Alphabiotic participants frequently tell me their immune system is stronger – they report fewer colds and flu as well as faster recoveries, more resiliency, etc.
We attributed this to the impact substantive stress relief should have on endocrine activity, hormone levels and body chemistry, not to mention more esoteric effects on one’s state of consciousness and ‘energy body’ (e.g. one’s aura and quality/quantity of chi). A new and amazing discovery that the lymph system extends all the way into the brain creates a mechanical connection never before documented.
The brain itself is protected by the immune system in a manner previously and entirely unknown…
Natural Awakenings magazine quotes Sciencedaily.com:
“In a stunning discovery that overturns decades of textbook teaching, researchers have determined that the brain is directly connected to the immune system by vessels previously thought not to exist. ‘That such vessels could have escaped detection when the lymphatic system has been so thoroughly mapped throughout the body is surprising on its own…
“…the brain is like every other tissue connected to the peripheral immune system through meningeal lymphatic vessels,’ said Jonathan Kipnis, PhD, professor in the UVA Department of Neuroscience… ‘It changes entirely the way we perceive the neuro-immune interaction. We always perceived it before as something esoteric that can’t be studied.’
“Kevin Lee, PhD, chairman of the UVA Department of Neuroscience, described his reaction to the discovery by Kipnis’ lab: ‘The first time these guys showed me the basic result, I just said one sentence: ‘They’ll have to change the textbooks. There has never been a lymphatic system for the central nervous system, and it was very clear from that first singular observation — and they’ve done many studies since then to bolster the finding — that it will fundamentally change the way people look at the central nervous system’s relationship with the immune system.’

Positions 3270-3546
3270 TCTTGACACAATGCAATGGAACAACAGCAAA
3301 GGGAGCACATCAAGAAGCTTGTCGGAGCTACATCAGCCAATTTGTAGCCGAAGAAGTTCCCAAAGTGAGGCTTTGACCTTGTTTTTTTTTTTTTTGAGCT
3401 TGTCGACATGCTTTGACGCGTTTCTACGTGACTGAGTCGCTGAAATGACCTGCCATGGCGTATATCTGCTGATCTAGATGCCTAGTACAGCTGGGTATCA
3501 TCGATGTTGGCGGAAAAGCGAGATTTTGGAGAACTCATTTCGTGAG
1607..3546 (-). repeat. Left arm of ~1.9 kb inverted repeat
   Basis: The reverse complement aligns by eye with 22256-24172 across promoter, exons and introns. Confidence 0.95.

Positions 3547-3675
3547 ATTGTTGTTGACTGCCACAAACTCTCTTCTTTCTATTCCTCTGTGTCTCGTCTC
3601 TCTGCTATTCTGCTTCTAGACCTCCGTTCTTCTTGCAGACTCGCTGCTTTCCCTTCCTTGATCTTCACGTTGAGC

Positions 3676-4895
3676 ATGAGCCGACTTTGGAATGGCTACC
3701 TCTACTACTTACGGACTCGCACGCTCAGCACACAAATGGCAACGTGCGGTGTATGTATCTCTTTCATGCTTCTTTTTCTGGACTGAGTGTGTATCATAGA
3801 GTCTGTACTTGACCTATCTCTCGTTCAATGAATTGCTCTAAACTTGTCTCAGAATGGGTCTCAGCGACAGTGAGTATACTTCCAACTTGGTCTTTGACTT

“Even Kipnis was skeptical initially. ‘I really did not believe there are structures in the body that we are not aware of. I thought the body was mapped,’ he said. ‘I thought that these discoveries ended somewhere around the middle of the last century. But apparently they have not.’
“As to how the brain’s lymphatic vessels managed to escape notice all this time, Kipnis described them as ‘very well hidden’ and noted that they follow a major blood vessel down into the sinuses, an area difficult to image. ‘It’s so close to the blood vessel, you just miss it,’ he said. ‘If you don’t know what you’re after, you just miss it. Live imaging of these vessels was crucial to demonstrate their function…’ Kipnis noted.
“The unexpected presence of the lymphatic vessels raises a tremendous number of questions that now need answers, both about the workings of the brain and the diseases that plague it. For example, take Alzheimer’s disease. ‘In Alzheimer’s, there are accumulations of big protein chunks in the brain,’ Kipnis said. ‘We think they may be accumulating in the brain because they’re not being efficiently removed by these vessels.’ He noted that the vessels look different with age, so the role they play in aging is another avenue to explore. And there’s an enormous array of other neurological diseases, from autism to multiple sclerosis, that must be reconsidered in light of the presence of something science insisted did not exist.”
Excerpted from Sciencedaily.com
Credit: University of Virginia Health System